Behind it all are philosophical principles which I can feel palpably in these interactions. For one thing, there is no awareness that this product is one element of a much larger experiences. For one thing, there is the experience of using the device, something few developers consider anymore. Then there is the experience of trying to get something done. And of course, there is the experience with organizations over time. Human-centered designers think about these overlapping contexts and design with them in mind, but in recent years companies have come to the opinion that iterative trial and error with ludicrously short development cycles that leave little or no time for testing will get them to a great product faster than being thoughtful or thorough. In all of this I detect a relapse, away from empathic discipline (thinking subjectively in terms of experiences) back into obsessive making of objects (which are still called “experiences” by people who like the idealistic tone of the term and the mouthfeel of X). But what bothers me worse is a sense that these coralling conveniences are ok for most people, who don’t really need control, and who are happy to say and do what is easily expected. In these near-irresistable conveniences I feel a sludgy flow toward a brave new world of lethargic uniformity where everything is dittoing, me-tooing, LOLing, emoticoning from a shrinking repertoire of publically recognized standardized experiences.

If any individuals are still out there, consider this a liberal beacon. Hello? Hello?



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Gadget-porn addiction

Apple used to innovate by asking “Wouldn’t it be great if people could ____?” This was what made them uniquely great.

Now Apple does what every other banal tech company does and asks “Wouldn’t it be great if we could make a thing that could ____?” Or even worse “Wouldn’t it be great if we made a thing that has ____ characteristics/features/specs?”

This is why Apple keeps coming up with the same ideas as everyone else in the industry and why none of what they do matters one bit, however much their gadgets get hyped by gadget enthusiasts.

This hyping is part of our problem: great designs are better to use than to obsess over and to talk about. Most of what is best in great design is hard to talk about and is boring to read about. Great design tends to disappear. But cool features, record-setting specs and thrilling visuals generates buzz and drives short-term sales.


I think our culture’s gadget porn problem might be destructive in ways that parallel our culture’s sexual porn problem.

Just as pornography confuses and misleads youth about healthy relationships between partners, gadget porn confuses consumers about healthy relationships between people and things. In both cases, what is most healthy is quiet and not much to talk about but makes life much better. Addiction to lust drives people into cycles of craving, temporary satiety and empty boredom.

When design isn’t rewarded in the market, companies stop taking it seriously. They don’t invest in making products that are great to use, the make sexy-looking gimmicks that open wallets. Our tools start out as pleasant diversions and end up as perpetually irritating distractions.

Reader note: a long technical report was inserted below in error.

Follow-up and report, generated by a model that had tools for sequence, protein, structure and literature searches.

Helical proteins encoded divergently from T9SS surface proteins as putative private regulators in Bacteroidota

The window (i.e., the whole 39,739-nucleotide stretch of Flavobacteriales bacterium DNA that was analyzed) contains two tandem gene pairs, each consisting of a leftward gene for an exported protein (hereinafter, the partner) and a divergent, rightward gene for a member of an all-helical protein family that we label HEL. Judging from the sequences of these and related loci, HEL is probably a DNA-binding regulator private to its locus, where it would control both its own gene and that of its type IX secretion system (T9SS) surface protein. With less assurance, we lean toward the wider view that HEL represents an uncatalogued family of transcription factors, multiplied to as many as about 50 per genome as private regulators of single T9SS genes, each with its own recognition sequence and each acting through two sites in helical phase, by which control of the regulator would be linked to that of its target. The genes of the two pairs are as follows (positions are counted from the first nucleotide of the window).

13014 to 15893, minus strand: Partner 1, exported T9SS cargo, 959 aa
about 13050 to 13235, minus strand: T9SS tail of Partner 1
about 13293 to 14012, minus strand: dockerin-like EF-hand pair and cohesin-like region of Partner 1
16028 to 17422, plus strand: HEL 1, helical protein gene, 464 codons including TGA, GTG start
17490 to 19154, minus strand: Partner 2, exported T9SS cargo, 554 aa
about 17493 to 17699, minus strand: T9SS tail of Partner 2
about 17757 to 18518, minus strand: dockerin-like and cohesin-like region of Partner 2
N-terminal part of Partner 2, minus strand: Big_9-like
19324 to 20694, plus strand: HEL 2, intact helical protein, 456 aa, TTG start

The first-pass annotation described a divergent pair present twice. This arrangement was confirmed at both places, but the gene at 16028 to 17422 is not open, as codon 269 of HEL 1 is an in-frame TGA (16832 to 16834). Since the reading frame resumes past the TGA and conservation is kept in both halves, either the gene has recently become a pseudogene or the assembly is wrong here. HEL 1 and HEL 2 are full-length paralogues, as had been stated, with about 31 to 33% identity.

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Why I get emotional about design

When I use a product, I feel the milieu that produced it. Products are crystallized philosophies. In a designed object I feel people — the people who produced it and sometimes a precise person for whom an object is intended. This “personal from” and “personal to” is what makes design what it is.

When I get inspired or offended by bad design, precisely the personal from and to is what I am reacting to. In objects I sense all kinds of things about the producer: care, contempt, insight, vanity, poetry, banality, tyranny, playfulness, thoroughness, orderliness, arbitrariness, etc. And I also sometimes detect a consumer’s personality and worldview (for better or worse) — a person the producer had in mind for whom this thing is intended. And all too often I feel an anonymous vacuum where a producer or consumer should be. It is a thing from nobody and it is for anybody.


When I’ve felt betrayed by design it is when an organization did a “personality switch” on me, like an unfaithful friend. I can feel that the organization has come to see the world in a new way where there is no longer space for me to exist. The organization used to make things designed for me, but now they’re designing for someone else, or worse for everyone, which really means nobody.


Since we are once again in gift season, I will repost my “Design as gift” idea yet again, with the usual minor variations.

When one person gives another person a perfect gift, the gift is valuable in three ways:

  1. The gift itself is intrinsically valuable to the recipient. The gift is good because it makes life easier, more pleasant or more meaningful.
  2. The gift contributes to the recipient’s own self-understanding and sense of identity. The gift is a concrete example what the receiver experiences as good. It is a crystallization of the recipient’s ideals that reveals something important about the recipient that sometimes cannot be said.
  3. The perfection of the gift is evidence that the giver cares about and understands who the recipient is as an individual. The successful giving of a perfect gift demonstrates that the giver was moved to reflect on the recipient and has real insight into who they are as an individual, what they value and how they fit into the world.

Great design experiences are similar to gifts. When a design  is successful the user gets something valuable, sees tangible proof they are valued and understood, and experiences an intensification or expansion of their sense of self.